- 1Cause air to enter and circulate freely in (a room, building, etc.): ventilate the greenhouse well (as adjective, in combination -ventilated) gas heaters should only ever be used in well-ventilated roomsMore example sentences
- Every part of the living area is properly ventilated, with each room given a huge opening that enhances a sense of spaciousness.
- Their laboratory was three mechanically ventilated office buildings.
- The building was evacuated as two teams of two fire fighters entered the building to clear up the spillage and ventilate the factory.
- 2Discuss or examine (an opinion, issue, or complaint) in public: he used the club to ventilate an ongoing complaintMore example sentences
- Over the next few days I plan to really ventilate the issue, to open up for discussion and so on.
- It is also a remedy in public law for safeguarding public law rights and for ventilating public law issues.
- Her erstwhile colleagues in Cabinet report that Ms Short was never timid about ventilating her opinions.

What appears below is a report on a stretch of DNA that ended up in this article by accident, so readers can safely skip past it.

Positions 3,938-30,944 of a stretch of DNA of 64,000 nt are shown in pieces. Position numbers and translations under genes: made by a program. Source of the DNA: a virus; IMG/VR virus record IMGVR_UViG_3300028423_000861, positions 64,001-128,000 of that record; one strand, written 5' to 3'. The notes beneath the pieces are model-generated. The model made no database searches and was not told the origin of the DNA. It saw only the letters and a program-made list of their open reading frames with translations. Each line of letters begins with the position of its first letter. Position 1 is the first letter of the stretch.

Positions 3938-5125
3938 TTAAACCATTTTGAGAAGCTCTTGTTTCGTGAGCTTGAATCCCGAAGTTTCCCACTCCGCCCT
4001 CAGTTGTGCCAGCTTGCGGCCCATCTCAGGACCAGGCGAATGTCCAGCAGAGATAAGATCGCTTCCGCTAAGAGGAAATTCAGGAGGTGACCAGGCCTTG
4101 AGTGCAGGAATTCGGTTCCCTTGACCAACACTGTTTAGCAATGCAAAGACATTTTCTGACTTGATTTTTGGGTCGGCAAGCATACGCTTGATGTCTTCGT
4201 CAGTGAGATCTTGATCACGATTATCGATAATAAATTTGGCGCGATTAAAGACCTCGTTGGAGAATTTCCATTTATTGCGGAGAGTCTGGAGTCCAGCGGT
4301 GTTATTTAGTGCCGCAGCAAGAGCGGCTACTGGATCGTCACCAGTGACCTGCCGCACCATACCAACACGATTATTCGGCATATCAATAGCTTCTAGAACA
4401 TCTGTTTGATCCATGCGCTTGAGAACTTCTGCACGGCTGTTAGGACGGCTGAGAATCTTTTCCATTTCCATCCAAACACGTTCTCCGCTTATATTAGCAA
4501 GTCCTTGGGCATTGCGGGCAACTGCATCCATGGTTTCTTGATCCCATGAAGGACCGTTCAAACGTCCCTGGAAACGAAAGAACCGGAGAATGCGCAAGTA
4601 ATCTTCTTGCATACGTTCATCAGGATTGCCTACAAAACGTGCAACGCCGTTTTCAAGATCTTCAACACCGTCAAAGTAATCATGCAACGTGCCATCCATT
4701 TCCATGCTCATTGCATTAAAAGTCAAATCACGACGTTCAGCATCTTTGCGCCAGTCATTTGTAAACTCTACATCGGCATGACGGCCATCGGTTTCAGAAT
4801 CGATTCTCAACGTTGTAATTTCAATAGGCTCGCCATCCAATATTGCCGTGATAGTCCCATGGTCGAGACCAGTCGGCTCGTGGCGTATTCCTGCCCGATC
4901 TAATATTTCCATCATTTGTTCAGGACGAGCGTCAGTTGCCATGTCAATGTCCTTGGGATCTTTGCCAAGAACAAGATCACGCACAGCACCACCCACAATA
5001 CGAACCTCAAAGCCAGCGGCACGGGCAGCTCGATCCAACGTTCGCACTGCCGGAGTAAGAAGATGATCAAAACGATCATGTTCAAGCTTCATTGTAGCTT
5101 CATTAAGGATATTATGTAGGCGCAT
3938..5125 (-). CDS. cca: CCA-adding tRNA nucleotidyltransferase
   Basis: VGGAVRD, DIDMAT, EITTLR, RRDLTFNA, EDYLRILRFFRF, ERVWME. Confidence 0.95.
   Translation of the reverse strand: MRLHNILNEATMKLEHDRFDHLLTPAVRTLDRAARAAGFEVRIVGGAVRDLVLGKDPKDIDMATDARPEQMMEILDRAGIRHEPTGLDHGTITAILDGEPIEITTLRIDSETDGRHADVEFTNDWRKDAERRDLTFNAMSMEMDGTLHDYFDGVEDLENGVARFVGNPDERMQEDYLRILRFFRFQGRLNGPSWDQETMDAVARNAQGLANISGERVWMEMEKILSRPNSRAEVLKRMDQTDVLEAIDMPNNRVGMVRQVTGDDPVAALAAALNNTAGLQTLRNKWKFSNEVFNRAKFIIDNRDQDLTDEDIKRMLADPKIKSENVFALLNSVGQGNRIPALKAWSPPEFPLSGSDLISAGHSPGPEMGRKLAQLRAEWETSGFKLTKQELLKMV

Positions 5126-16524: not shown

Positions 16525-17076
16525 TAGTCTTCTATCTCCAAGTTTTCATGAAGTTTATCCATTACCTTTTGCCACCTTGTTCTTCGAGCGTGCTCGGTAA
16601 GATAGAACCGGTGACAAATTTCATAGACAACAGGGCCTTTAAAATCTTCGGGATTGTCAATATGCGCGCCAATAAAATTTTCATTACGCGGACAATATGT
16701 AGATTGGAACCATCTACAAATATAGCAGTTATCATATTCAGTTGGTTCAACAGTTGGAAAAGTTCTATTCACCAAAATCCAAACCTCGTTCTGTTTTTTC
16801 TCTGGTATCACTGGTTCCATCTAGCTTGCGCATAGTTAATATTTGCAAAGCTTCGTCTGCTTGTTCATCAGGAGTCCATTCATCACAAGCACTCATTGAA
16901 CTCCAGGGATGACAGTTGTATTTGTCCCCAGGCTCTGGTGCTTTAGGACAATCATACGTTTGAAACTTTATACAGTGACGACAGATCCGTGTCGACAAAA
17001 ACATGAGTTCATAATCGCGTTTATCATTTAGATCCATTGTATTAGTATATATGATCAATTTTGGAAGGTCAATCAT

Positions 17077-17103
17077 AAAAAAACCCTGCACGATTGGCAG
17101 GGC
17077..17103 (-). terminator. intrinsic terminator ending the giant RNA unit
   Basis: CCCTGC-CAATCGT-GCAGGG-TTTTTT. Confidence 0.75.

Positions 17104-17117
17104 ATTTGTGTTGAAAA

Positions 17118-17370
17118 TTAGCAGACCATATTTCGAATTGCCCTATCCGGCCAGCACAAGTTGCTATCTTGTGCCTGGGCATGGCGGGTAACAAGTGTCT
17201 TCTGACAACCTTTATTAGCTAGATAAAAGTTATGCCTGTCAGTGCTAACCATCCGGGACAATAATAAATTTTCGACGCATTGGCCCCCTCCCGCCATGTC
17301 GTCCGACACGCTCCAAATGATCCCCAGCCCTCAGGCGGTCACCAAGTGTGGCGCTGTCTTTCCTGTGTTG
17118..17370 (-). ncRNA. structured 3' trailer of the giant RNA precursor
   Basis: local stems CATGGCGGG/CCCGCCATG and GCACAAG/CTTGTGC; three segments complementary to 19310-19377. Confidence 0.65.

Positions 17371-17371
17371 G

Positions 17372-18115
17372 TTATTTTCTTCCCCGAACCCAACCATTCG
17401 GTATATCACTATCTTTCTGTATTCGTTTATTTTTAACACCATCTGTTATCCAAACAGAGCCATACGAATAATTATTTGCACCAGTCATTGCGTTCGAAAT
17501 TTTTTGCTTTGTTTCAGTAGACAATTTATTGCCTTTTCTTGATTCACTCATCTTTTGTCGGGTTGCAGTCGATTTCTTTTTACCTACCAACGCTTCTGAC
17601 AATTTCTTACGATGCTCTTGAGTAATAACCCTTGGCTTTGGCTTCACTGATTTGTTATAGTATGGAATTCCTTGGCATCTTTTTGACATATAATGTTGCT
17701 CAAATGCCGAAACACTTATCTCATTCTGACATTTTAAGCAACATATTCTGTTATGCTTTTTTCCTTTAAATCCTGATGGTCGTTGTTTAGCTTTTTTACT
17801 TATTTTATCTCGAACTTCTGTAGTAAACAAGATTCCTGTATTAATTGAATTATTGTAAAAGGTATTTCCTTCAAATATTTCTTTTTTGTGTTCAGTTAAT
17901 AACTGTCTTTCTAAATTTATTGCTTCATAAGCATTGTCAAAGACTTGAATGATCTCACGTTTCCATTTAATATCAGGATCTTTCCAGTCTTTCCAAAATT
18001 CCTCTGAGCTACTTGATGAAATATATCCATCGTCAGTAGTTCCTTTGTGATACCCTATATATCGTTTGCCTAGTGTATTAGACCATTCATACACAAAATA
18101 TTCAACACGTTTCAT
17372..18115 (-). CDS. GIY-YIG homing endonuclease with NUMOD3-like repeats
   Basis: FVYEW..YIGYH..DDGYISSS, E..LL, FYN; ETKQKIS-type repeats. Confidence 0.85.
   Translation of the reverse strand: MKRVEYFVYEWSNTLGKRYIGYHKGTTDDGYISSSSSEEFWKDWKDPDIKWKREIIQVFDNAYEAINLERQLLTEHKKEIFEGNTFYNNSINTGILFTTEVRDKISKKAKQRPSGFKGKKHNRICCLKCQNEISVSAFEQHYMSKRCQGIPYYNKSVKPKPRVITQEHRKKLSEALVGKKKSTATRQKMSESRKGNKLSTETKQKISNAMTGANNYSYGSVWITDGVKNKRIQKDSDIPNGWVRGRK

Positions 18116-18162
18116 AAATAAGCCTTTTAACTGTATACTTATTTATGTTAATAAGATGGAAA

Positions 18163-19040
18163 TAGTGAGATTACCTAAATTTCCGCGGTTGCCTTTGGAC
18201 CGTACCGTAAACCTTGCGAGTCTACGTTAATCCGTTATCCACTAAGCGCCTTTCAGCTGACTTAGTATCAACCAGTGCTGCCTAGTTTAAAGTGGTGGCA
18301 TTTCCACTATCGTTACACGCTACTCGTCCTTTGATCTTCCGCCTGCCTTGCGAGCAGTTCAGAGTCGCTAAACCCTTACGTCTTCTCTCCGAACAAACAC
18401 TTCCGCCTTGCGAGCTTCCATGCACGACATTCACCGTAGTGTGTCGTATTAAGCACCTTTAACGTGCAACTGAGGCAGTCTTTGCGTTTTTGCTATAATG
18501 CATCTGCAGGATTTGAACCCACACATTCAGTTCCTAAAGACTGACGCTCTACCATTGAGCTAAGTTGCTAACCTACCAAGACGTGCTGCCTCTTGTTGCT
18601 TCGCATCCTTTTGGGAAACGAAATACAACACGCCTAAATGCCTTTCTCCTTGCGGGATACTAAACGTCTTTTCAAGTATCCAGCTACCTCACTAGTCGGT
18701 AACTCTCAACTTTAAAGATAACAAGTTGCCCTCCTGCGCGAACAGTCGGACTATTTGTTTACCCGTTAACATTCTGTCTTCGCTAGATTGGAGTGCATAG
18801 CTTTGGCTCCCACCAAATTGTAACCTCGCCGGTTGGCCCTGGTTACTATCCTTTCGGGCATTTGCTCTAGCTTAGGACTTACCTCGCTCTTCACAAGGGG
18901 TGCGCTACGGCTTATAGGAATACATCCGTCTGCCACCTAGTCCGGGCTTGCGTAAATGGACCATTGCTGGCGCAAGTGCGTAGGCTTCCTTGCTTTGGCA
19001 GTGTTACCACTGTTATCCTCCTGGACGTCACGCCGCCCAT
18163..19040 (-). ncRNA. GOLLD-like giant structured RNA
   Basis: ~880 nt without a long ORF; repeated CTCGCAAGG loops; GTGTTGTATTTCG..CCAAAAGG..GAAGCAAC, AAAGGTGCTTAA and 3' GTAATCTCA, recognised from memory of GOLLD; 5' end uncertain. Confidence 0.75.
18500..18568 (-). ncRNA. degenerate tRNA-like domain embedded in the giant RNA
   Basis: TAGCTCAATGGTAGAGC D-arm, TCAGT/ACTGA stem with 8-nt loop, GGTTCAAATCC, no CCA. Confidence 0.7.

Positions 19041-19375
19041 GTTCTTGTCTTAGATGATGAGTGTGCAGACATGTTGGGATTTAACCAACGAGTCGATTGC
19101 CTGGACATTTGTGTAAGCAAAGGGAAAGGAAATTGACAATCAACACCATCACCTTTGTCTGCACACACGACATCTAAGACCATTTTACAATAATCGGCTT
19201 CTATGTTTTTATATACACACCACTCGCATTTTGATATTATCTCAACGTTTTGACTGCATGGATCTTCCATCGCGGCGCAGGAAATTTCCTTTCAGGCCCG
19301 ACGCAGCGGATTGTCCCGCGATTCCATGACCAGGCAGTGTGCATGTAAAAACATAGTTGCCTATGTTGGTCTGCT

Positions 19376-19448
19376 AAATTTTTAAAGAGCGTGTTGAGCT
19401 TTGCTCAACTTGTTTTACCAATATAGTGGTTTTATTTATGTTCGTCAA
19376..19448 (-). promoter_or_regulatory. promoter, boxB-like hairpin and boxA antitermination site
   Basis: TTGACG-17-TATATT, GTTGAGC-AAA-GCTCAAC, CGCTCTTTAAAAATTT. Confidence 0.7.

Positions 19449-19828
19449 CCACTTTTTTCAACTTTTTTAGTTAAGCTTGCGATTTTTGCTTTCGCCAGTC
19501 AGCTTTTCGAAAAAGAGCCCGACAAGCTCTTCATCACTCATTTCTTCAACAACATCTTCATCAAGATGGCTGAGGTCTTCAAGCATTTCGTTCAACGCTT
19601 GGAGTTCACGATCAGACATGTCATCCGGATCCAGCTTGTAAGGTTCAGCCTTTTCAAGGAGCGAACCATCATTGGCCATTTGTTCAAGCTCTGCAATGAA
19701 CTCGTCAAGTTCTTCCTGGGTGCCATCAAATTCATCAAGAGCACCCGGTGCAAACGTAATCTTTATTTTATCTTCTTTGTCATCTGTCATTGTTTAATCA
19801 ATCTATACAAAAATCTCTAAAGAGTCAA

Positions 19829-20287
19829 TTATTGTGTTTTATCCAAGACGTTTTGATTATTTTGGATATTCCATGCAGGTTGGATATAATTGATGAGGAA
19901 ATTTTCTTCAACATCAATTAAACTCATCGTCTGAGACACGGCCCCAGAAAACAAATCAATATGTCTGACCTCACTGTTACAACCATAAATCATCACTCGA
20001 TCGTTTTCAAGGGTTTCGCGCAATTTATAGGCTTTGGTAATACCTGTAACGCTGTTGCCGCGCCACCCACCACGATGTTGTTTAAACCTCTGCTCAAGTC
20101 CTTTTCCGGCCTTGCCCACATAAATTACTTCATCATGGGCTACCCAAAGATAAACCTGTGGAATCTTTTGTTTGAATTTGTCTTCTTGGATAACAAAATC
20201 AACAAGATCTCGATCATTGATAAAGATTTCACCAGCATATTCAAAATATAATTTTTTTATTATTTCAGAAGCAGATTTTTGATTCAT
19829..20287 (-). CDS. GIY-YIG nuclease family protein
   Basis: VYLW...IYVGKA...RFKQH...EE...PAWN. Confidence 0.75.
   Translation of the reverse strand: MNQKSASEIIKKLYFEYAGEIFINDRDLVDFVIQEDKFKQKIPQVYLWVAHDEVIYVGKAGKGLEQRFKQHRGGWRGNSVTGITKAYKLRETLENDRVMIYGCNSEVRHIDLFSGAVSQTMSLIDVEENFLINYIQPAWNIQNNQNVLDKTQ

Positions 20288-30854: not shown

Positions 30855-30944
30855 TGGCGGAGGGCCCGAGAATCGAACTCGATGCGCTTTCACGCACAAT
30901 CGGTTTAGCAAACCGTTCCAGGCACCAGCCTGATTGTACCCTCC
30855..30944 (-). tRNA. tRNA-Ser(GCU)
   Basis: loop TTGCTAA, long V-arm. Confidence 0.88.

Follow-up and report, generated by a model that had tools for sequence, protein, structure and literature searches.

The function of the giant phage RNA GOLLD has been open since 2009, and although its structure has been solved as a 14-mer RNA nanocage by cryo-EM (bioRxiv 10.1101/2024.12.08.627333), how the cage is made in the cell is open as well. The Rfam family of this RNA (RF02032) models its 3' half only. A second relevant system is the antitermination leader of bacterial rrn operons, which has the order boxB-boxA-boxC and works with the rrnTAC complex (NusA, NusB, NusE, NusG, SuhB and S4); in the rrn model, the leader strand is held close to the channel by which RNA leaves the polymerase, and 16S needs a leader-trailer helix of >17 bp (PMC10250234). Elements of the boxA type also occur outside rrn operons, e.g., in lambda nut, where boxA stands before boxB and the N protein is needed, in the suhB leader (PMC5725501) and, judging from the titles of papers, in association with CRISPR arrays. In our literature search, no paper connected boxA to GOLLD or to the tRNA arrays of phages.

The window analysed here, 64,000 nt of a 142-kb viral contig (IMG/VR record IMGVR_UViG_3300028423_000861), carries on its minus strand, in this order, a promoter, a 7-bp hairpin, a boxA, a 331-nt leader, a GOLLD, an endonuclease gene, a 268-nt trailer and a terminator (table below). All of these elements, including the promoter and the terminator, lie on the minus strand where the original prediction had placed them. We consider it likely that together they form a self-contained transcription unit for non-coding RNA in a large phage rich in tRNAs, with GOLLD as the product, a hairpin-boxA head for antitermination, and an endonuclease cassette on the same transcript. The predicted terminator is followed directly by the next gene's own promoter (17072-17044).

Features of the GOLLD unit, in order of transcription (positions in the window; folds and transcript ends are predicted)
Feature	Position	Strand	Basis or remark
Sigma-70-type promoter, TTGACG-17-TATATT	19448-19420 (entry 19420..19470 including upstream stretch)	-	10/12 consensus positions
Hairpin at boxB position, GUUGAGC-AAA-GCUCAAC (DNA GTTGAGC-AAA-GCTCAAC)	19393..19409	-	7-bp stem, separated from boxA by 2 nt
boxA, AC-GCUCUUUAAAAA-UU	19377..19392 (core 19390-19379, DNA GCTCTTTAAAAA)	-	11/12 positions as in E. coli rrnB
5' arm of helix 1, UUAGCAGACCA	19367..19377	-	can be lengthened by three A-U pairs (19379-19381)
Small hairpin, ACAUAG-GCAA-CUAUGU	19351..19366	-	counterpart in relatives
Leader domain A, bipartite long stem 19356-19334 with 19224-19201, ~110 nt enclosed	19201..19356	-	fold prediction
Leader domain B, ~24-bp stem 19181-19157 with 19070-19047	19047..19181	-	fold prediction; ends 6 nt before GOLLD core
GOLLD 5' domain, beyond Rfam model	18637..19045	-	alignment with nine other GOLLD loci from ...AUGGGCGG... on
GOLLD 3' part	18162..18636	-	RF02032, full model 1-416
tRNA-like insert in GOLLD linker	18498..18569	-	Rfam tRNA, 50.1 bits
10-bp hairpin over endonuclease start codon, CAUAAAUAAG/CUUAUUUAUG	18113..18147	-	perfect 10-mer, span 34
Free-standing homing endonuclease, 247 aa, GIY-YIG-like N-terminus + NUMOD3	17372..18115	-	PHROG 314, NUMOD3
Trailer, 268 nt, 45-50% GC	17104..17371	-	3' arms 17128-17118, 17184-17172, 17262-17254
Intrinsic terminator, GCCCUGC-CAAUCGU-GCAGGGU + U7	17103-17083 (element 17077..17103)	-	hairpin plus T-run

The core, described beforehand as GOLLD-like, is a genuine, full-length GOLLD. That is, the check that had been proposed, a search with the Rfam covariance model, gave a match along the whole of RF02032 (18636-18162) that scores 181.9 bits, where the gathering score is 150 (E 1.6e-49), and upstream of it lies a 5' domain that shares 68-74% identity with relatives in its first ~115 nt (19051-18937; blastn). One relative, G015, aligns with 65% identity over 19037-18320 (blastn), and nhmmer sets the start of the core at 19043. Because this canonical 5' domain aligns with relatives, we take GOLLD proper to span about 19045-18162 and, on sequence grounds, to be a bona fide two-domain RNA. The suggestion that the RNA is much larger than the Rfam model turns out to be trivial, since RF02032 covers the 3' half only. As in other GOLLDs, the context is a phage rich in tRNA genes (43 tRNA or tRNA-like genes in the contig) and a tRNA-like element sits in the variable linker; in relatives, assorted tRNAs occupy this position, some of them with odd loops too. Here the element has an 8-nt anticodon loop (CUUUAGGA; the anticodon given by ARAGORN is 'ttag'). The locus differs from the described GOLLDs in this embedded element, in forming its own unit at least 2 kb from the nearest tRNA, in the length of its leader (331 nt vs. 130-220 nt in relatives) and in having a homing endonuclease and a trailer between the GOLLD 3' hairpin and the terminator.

- 3 Medicine Subject to artificial respiration: the patient was sedated and ventilatedMore example sentences
- In Brazil, 55 % of patients mechanically ventilated for acute lung injury died.
- Each animal was artificially ventilated, and the mechanical respiratory properties of the mouse were measured.
- A sterile, second airway is needed in this instance to ventilate the lung.
- 4 • informal Kill (someone) by shooting: I pull out a gun and ventilate her dinner companionMore example sentences
- A few seconds and four popped caps later, she ventilated Anthony Peralez's arm with two rounds and plunked a pumpkin ball into his belly.
late Middle English (in the sense 'winnow, scatter'): from Latin ventilat- 'blown, winnowed', from the verb ventilare, from ventus 'wind'. Sense 1 dates from the mid 18th century.